If I looked into your fridge right now, what would I find?
Midge glared at the bare shelves in his fridge. Three days until his normal weekly shopping day and he had already consumed everything in his cupboards. His stomach growled. It wasn’t satisfied.
He pressed the back of his hand to his forehead like his mother used to when he was a kid. He didn’t think he was getting sick, but he couldn’t tell a difference in temperature. He didn’t want to panic and head to the clinic. Maybe he had just skimped on his groceries the week before.
That had to be it. He had simply miscalculated when filling his basket. His gnawing stomach was nothing to be worried about.
He headed to the local market and wound his way through the aisles. Lunch and dinner packets dropped into his basket. He grabbed the packs with higher protein content just in case.
“Getting a head start on next week’s rations, Midge?” Chet was the clerk who always rang him out.
“Yeah, something like that,” Midge stammered. Did Chet find it odd that he was back after only four days? He hoped his stomach would behave soon and return to normal. He wasn’t going to have any credits left for fun if he had to keep buying extra food.
That night he ate two of the high protein dinners and one of the lunches before he felt even remotely sated. His heart raced. Maybe he needed to go to the clinic after all. He decided to go in the morning.
“Are you getting enough sleep?” the doctor asked.
“Yes.” The previous night had been restless, but otherwise it was true.
“Any changes in your exercise routine?”
“Not yet,” he admitted. He’d been wanting to run all week.
The doctor made a note. “I wouldn’t try anything just yet. You’re already taking in thrice the calories you should be, increasing your activity regimen would only further complicate matters.”
“This is just a short term thing, right doc?” His eyes pleaded with the white coated man in front of him. “A late growth spurt or something?”
The doctor considered him over square frames. “It’d be awfully late for someone your age,” he said measuredly, “but not unheard of.” Somehow, Midge wasn’t convinced. “I’m going to advise you take it easy for the next few days. Eat what you feel you need, but don’t do any excess working out. Come back next week for a follow up and we’ll go from there.”
Midge tried, but after his shift at the power plant was over, he was too restless to sit in his apartment doing nothing. He went down to the gym and hopped on a treadmill to do a light jog. The machine resisted him. He turned up the speed, but it refused to go fast enough. He just wanted to expend a little of the pent up energy he had.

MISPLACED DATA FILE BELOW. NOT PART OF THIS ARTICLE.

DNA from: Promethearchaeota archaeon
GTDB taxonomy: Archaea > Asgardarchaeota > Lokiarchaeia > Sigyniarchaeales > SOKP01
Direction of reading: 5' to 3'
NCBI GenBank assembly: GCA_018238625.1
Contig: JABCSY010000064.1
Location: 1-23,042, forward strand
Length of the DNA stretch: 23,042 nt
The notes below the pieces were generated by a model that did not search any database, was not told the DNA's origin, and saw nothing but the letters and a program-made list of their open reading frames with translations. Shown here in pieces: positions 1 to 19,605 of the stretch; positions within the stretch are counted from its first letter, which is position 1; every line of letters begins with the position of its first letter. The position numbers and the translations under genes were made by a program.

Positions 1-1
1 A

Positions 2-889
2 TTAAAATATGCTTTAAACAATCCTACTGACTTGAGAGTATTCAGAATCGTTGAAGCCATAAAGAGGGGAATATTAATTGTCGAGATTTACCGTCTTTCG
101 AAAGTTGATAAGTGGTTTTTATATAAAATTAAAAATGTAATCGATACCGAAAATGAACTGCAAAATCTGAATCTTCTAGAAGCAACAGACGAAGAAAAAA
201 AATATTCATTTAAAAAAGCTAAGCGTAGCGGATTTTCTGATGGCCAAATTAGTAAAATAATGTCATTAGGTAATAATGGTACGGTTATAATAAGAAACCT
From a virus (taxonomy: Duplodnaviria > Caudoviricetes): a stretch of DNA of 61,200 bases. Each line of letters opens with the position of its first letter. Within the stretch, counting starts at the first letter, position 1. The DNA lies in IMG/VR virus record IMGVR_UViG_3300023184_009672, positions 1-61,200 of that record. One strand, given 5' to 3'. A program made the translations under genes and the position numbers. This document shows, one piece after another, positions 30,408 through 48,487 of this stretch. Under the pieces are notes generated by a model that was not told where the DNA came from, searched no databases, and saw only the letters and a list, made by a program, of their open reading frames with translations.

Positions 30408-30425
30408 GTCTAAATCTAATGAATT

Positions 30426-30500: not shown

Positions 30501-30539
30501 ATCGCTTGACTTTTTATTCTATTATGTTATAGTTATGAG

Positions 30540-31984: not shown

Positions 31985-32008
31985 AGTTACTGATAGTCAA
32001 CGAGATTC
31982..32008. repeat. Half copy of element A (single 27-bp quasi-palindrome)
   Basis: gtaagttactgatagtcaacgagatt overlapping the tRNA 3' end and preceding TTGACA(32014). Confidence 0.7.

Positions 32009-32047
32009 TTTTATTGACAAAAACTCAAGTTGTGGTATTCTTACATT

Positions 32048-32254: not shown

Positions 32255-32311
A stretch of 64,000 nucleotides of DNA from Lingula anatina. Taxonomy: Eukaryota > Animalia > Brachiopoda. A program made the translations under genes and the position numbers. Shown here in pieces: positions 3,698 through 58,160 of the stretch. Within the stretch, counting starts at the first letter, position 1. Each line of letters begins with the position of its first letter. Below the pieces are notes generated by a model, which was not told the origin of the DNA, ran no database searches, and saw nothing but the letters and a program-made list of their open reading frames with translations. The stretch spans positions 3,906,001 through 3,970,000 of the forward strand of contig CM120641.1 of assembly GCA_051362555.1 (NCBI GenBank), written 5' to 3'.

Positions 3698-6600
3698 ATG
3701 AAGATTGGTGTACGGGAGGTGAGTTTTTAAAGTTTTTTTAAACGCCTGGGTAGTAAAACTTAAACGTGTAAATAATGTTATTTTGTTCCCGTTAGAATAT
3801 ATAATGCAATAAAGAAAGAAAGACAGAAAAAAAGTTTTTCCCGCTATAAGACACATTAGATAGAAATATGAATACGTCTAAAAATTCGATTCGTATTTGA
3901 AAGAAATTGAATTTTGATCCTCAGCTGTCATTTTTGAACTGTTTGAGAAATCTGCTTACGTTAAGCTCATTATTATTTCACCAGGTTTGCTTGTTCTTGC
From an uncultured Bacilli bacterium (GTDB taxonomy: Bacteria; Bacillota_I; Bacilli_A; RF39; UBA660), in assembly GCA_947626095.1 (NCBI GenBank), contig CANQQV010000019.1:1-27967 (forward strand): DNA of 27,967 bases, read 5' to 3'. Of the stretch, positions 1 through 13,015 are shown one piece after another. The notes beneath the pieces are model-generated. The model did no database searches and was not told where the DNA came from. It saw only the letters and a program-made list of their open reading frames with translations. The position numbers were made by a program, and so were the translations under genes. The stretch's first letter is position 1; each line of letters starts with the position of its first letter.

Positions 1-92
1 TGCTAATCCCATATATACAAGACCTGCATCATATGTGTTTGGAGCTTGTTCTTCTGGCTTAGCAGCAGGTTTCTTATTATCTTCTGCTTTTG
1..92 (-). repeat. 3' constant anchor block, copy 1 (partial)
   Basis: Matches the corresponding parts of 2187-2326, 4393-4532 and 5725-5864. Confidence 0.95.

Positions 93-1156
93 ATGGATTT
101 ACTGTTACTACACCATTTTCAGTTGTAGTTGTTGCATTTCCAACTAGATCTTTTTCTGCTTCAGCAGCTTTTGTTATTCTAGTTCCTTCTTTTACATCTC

The tread fell off and he stared at it in horror. The building manager laughed it off when he apologized. “Damn thing’s been overdue for an upgrade. Don’t work half the time. Now I’ve got the excuse to put in for a brand new one.” He grinned from ear to ear and clapped Midge on the back as though Midge had done the man a favor. He needed some air.
Midge stepped out to the sidewalk to clear his head. His legs were still restless and urged him to move. He was still in shorts and trainers, what was the harm? He jogged to the end of the street and turned towards the fields. They were still a few miles away, but he arrived at them mere minutes after leaving his apartment.
Hands on his hips he turned back toward the residential district he’d come from. He checked his watch again. There was no way that jog had gone by so fast. He wasn’t breathing hard, and he hadn’t even broken a sweat. He sat down on the grassy hill overlooking the fields and clutched his head in his hands. What was happening to him?
Notes: I love this one. I knew Midge had manifested his agility as an adult, but I hadn’t really gotten into the details. An increased metabolism was the first thing that came to mind as a signifier for him, and that led me to wonder about how food might be distributed in a bubble society. It still has a lot of kinks to work out, but I’m leaning towards constant data collection at the heart of the Dome, and the automation to make the adjustments given unexpected rises or dips in consumption.
What’s in your fridge? Is it stuffed with groceries? Maybe you’ve got loads of leftovers in there. What sort of food do your characters keep? Are they home enough to have a well-stocked fridge? Hop to it, write it down!
Wednesday’s prompt: Have you ever experienced something that just could not logically be explained?
Oh man, probably gonna try my hand at another thriller for that one. Time to channel my inner Stephen King. See you tomorrow!